Q: Won't high-level IT jobs need to remain here in the U.S.? Won't
companies need project managers and architects within the company's
People who are facing the customers, facing the decision makers in large corporations are going to be required. They need to actively redefine their roles. Over the next 40 years, there will be a very big drift... Those roles will start shifting outside the United States. When that happens, I'd say the process will accelerate very quickly.
Q: Are you saying that U.S. IT workers will end up moving to India to
For me, that is very much an undercurrent that has not been looked at realistically. It's the only thing that carries its own solution. There is no reason why high-skilled workers can't move to India where the work will be done. There will be a high-level physical transfer. They will be connecting with the Indian high-tech machine. In the next five years, it will happen virtually. Americans will be working for an Indian company but still will be based in the United States. Later on, the choice may be for American IT people with a high-level of familiarity of the American market to actually go to India.
Q: But if companies are largely sending work to India because it's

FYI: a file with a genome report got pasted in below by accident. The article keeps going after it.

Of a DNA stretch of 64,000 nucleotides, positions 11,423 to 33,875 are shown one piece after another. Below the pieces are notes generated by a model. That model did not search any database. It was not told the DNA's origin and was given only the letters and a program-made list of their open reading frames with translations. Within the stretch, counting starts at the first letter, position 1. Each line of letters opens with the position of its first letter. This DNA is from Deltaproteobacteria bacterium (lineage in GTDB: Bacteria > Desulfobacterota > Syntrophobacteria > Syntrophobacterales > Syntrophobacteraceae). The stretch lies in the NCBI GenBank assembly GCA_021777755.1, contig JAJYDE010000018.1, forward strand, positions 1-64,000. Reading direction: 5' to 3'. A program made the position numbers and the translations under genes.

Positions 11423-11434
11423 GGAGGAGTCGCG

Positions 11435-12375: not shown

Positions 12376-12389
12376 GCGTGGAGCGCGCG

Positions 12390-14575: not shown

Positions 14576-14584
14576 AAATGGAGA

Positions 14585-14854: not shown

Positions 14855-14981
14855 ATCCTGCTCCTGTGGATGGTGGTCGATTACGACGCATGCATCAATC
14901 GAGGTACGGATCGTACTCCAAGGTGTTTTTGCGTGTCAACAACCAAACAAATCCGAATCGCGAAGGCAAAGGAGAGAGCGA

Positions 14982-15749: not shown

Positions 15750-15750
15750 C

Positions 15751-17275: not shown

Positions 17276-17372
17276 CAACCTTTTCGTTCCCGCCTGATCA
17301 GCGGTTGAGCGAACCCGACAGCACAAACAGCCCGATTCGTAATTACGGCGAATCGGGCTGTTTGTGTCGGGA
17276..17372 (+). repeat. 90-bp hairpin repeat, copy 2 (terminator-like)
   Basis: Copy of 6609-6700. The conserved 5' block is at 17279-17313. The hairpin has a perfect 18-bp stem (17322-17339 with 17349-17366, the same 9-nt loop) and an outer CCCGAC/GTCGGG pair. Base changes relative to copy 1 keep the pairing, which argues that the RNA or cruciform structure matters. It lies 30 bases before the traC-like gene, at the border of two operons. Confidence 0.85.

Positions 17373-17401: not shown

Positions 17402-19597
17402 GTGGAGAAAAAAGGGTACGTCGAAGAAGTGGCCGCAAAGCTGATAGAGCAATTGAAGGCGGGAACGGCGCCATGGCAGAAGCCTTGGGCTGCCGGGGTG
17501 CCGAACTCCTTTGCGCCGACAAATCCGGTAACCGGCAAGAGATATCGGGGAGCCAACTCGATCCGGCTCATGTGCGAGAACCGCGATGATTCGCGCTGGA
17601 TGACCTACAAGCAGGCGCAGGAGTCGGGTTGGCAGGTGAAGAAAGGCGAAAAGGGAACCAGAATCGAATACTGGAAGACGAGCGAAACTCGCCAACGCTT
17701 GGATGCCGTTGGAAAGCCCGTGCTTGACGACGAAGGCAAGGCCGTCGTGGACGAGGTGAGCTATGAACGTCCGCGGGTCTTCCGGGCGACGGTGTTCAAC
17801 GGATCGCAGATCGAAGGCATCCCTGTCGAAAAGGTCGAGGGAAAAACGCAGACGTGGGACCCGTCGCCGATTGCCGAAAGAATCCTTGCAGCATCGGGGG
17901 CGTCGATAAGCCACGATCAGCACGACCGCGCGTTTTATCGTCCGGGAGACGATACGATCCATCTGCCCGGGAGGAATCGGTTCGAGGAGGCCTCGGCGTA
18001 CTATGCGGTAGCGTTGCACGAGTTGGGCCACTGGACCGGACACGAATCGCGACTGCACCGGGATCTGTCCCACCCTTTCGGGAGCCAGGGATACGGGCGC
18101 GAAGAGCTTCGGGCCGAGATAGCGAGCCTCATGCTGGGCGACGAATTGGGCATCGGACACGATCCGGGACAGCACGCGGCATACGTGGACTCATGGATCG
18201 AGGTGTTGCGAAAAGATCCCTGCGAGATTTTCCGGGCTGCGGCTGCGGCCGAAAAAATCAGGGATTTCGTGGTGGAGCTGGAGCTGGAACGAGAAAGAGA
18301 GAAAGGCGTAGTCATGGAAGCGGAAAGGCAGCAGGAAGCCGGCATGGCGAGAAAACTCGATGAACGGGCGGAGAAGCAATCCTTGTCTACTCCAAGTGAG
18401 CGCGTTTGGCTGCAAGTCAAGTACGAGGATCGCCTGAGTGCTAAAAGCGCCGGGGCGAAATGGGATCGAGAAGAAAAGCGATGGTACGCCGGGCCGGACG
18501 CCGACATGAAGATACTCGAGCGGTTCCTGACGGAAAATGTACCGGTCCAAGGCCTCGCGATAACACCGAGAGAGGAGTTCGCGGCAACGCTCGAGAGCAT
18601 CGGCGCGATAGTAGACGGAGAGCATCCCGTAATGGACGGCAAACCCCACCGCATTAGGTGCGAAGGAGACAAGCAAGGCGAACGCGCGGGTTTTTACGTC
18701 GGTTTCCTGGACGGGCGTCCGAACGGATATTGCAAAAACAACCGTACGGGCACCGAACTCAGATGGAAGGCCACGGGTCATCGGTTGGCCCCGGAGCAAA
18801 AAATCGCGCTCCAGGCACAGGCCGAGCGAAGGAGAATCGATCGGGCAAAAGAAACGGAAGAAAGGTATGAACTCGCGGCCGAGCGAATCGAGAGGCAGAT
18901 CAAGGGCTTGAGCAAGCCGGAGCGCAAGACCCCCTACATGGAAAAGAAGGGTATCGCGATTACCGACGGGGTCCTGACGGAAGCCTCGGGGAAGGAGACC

cheaper there, wouldn't U.S. workers going to India expect a huge pay
There will be a lot of upward leveling of pay in India. There also will be an encouragement for people to take lower wages but benefit from lower taxes. And they would benefit much more by working in India than in having no job.
Q: Do you think the U.S. government could be, or should be, doing
more about this situation?
Definitely. This is one of my biggest complaints. Someone should have been explaining what is going on so people aren't side swiped. The government is pretending there is no problem or that they can block the problem out of existence with legislation. Not allowing job insurance for the IT profession is a problem. There is an absolute need for that. If this wave is accepted as being inevitable, then it's important to try to ride the wave... They need to give incentives to Indian companies to hire people in the U.S. and that's just not happening.
Q: In your book, you say U.S. students will stop majoring in computer
science when they see that there are fewer jobs available to them here.
Is the U.S. moving toward a time when offshoring isn't a choice but a
necessity because we no longer have trained people who can do the job
If students stop studying IT, there will be no choice but to go even faster into India. It becomes a self-fulfilling prophecy. Students should not be looking just at jobs here in the U.S. Why don't they look beyond the U.S.? There are a lot of jobs -- they just might not be here.
Q: It sounds like you're predicting that the United States is moving
into what will be a difficult time.
Oh, definitely. There is no question about that... Somebody needs to start talking about what is in the next stage. There obviously is a kind of numbing about what is happening here. There is a profound structural crisis coming. What must be figured out is how this can be proactively handled.